What’s the local impact of the work being done?  In 2017, Flagler County had the highest suicide rate in the state; Volusia County was ranked 8th. Not wanting these statistics to become the norm, SMA Healthcare applied for a grant from the Substance Abuse Mental Health Services Administration (SAMHSA), Adult Zero Suicide, with the goal of identifying individuals in crisis and linking them to suicide prevention services. In 2018, Flagler County’s rank fell to 8thand Volusia County’s rank fell to 28th. Thanks to collaboration with community partners and services in this area, there has been reduction in suicides in Northeast and Central Florida.

National Suicide Prevention Week is an important time to focus on how you can help end suicide in the United States.  Make today the day you educate yourself, share resources with someone who needs them, and be there for someone experiencing crisis. Change “what can you do?” to “what you can do” to save a life.

A Double-Edged Sword: PTSD and Substance Use

What came first: the chicken or the egg? In substance use treatment, we often come across a very similar question – what came first: trauma or substance misuse? Individuals who have experienced both typically find themselves trying to answer that question. Sometimes the answer is clear, other times it is not.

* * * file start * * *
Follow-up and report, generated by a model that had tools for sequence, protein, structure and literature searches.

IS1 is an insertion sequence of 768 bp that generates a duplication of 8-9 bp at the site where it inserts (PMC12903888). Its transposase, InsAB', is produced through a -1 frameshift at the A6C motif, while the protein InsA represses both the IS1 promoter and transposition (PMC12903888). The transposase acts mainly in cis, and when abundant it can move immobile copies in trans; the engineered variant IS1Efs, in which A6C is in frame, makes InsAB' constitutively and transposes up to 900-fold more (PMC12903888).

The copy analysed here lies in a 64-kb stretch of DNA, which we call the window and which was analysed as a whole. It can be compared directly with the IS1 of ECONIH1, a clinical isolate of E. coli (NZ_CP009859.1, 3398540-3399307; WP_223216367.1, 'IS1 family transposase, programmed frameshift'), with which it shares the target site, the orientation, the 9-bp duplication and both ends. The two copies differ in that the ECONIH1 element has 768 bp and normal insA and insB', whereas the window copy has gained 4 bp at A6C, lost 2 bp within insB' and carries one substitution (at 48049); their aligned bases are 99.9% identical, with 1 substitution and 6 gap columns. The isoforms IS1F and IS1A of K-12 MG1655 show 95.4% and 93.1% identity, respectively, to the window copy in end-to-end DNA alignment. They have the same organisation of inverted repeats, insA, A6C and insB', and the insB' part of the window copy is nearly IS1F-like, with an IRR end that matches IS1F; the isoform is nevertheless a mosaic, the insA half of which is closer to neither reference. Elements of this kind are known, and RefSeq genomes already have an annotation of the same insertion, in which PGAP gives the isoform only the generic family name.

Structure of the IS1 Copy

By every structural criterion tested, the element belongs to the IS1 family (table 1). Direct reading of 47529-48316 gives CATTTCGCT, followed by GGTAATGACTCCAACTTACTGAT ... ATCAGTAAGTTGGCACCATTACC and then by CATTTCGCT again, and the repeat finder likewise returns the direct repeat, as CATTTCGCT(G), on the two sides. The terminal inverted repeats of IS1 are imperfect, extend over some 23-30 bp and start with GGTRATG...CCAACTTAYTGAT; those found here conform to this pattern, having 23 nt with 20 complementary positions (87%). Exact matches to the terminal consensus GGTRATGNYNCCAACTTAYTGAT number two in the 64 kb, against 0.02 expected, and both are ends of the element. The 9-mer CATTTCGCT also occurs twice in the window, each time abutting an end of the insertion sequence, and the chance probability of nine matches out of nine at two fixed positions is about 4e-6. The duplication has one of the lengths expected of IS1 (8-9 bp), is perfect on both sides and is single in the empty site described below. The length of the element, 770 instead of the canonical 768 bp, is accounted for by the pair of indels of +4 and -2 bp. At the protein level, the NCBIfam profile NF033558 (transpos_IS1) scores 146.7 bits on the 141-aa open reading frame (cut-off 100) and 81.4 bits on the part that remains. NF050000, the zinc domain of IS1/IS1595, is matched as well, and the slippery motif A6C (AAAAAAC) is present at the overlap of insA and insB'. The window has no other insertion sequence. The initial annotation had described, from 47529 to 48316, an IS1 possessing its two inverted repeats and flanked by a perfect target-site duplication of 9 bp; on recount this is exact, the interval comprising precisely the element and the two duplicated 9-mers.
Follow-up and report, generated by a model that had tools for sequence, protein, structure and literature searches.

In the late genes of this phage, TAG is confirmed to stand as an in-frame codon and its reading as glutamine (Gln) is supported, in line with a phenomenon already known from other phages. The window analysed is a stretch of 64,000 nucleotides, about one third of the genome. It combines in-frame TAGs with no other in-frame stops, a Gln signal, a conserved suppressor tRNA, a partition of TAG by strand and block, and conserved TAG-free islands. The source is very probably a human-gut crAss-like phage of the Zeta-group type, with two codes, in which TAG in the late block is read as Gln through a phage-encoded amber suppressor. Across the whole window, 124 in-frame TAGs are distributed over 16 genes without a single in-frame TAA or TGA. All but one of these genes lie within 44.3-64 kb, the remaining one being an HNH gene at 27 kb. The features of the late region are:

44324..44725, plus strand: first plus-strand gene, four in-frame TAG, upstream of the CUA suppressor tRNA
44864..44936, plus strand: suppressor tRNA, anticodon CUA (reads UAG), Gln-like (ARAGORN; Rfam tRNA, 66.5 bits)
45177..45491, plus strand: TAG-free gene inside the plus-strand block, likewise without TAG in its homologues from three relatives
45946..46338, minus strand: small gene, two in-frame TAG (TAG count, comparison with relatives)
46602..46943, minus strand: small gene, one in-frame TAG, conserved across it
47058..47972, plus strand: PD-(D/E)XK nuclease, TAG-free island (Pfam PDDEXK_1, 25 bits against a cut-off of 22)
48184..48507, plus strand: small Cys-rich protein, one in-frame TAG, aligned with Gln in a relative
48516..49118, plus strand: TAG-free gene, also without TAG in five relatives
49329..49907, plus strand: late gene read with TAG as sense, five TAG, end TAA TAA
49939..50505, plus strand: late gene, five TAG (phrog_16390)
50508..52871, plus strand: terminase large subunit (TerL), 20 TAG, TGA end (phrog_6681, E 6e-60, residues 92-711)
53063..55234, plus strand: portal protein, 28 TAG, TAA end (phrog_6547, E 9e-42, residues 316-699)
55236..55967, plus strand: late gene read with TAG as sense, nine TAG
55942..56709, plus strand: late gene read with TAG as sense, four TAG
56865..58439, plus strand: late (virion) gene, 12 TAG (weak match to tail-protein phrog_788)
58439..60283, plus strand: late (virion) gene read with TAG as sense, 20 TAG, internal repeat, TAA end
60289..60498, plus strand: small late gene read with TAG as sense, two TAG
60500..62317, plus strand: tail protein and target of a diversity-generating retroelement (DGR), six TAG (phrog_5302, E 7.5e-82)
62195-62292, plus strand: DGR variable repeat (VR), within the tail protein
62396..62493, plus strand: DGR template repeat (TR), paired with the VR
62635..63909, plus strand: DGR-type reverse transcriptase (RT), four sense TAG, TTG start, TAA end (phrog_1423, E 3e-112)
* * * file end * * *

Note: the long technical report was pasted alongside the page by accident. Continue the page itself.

Research shows that between 30-60% of people in substance use treatment have both a substance use diagnosis and Post Traumatic Stress Disorder (PTSD).  Rates of people experiencing lifetime trauma without an official PTSD diagnosis are much higher.  Post Traumatic Stress Disorder is an emotional set of problems that occurs after a person experiences a traumatic event.  What makes PTSD different than a normal human reaction is that the symptoms persist for months and even years — nightmares, flashbacks, avoidance, easily startled, and problems in major areas of life are all symptoms of PTSD. To the public, PTSD is a familiar term when discussing combat veterans; however, PTSD doesn’t stop there. Any experience that a person perceives to be traumatic can lead to emotional disturbance and dysfunction.

People who have experienced trauma are likely to seek substances as a way of self-medicating and emotionally numbing themselves.  Individuals with PTSD are known to use “hard” drugs, like opioids.  The catch in this attempt to avoid the negative feelings associated with trauma is that individuals who become dependent on substances actually find themselves in situations that increase the chances of experiencing even more trauma.  This vicious cycle can repeat itself, making it harder for a person to seek help or treatment.